HIV Home Test Kits Hit the Market

HIV Home Test Kits hit the MarketThe latest trend in ‘Do-It-Yourself ‘ kits may be bad for your health and leave your wallet empty.  The health industry is promoting and marketing all types of medical diagnostic tests that can be done at home.  The selling point is privacy, not accuracy.  Not all tests are definitive and require additional testing in a healthcare setting.  The newest product to hit the market is the HIV home test kit, which is found in different brands both online and in drugstores.

The HIV home test kit is simple, but not totally effective.  A person uses the provided swab to collect fluids from inside their mouth and then waits 20 to 40 minutes for the results.  No blood is involved in this test.  The privacy of taking the test at home is well worth the anxiety of knowing the outcome.  The false positive or negative is only preliminary, as the individual is encouraged to call a support hot-line and visit a regular doctor for standard testing.  The HIV home test kit only identifies the anti-bodies that can cause HIV, but it is not 100% accurate.

The privacy of testing can cause a range of mixed feelings and uncertainty.  It is not a guarantee to an answer and not totally private.  The cashier at the store will know you or a friend is testing for HIV, the shipping agent online will package the test and see your name, and the refuse collector may spot the empty package in your weekly trash.  A spouse or roommate may arrive home unexpectedly early while the test is being timed.  The fact that it may not be totally private and worse yet, inaccurate, may not be worth the money.  If one has reason to believe they could have the HIV virus, it should be dealt with by a trained professional.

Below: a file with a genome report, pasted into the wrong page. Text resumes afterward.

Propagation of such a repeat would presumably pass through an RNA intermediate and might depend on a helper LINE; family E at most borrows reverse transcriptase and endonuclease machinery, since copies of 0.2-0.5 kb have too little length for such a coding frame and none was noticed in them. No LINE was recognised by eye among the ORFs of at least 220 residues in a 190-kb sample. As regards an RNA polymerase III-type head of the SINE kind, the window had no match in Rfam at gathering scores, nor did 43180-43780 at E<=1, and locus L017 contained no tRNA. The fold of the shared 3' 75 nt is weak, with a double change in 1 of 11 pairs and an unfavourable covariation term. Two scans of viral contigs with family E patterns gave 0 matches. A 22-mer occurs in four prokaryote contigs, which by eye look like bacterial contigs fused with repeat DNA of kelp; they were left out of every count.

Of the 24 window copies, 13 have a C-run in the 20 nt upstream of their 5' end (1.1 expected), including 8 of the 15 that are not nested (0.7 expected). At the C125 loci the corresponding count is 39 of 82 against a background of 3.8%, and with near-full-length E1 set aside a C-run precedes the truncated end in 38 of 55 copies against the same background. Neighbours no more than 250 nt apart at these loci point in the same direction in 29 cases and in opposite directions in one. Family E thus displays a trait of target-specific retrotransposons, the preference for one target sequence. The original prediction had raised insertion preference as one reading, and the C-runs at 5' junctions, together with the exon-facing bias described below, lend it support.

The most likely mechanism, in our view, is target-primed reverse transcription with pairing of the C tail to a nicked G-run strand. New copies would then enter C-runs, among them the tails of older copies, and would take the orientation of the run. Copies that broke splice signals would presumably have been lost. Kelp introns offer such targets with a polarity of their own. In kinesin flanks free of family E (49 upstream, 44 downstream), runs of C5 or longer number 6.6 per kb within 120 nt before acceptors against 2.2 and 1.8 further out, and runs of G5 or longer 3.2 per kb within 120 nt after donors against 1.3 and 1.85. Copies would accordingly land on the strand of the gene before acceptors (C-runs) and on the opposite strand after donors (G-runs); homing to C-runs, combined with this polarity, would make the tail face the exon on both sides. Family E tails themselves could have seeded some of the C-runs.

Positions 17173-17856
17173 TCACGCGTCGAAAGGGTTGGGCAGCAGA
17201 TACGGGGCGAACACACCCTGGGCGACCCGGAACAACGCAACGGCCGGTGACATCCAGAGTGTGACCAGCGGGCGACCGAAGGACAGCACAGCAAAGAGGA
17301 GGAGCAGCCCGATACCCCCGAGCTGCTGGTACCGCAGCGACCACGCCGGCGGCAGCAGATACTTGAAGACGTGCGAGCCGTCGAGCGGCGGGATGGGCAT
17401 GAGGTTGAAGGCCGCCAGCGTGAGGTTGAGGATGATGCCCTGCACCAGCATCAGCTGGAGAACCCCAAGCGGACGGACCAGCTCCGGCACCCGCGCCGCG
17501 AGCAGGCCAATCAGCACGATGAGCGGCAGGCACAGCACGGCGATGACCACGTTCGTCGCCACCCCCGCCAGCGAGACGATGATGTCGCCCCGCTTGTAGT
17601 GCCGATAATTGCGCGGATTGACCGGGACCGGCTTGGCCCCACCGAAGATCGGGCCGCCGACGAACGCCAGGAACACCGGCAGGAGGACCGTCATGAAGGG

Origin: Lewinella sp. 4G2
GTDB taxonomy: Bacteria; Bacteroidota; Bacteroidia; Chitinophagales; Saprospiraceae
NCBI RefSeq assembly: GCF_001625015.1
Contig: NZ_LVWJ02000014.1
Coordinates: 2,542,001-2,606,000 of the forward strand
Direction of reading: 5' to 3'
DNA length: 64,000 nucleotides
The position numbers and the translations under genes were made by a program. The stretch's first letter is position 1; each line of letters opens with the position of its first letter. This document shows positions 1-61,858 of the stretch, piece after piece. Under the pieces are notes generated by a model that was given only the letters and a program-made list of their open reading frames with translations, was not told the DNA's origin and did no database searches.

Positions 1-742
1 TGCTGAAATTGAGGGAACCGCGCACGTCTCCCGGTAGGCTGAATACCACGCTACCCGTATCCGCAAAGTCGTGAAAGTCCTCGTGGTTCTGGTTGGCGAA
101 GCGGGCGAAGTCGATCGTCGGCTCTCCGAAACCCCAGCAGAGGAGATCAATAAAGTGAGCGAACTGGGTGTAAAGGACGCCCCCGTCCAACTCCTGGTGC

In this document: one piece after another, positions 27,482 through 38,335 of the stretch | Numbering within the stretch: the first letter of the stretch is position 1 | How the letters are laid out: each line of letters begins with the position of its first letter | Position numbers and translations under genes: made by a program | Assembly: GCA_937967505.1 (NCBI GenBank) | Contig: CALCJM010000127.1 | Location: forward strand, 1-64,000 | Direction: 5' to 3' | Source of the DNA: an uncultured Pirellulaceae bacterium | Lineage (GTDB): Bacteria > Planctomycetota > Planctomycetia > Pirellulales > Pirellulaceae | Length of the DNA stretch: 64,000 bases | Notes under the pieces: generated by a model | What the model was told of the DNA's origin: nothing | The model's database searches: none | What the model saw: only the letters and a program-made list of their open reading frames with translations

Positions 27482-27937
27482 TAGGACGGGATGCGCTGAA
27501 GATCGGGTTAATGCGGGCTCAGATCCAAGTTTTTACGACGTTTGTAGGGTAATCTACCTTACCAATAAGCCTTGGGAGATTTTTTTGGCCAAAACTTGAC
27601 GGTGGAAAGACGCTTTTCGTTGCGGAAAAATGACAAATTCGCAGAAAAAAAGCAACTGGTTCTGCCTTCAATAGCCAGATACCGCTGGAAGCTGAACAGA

A multitude of medical home tests kits have become popular in recent years, but should be used and viewed as a first step before seeing a doctor.  The medical staff will run more inclusive tests to determine a truer result.  Sometimes, even further testing is needed for certain ailments and conditions.  Along with the HIV home test kit, the public can test themselves for just about anything.  The long standing pregnancy test has been joined by a urinary tract test, sperm check fertility test, blood type test, blood sugar test for diabetes, allergy home test kit and several others.  Most surprising is the bipolar disorder test for a mere $400.

The home test kits have become huge money makers, but leave the patient high and dry concerning proper treatment.  Whether or not a test is positive or negative, may or may not persuade a person to see a doctor.  Living in fear of the unknown, concerning a possible medical condition, can cause some to steal the product, so as to protect their privacy.  Aside from the medical issues associated with home test kits, the retailing industry has taken a hit with providing loss prevention employees, in-store cameras, locked shelf space and additional security.  HIV home test kits may have hit the market, but stores, doctors and people have taken the real hit.


By: Roanne FitzGibbon

USA Today

Women’s Day

Web MD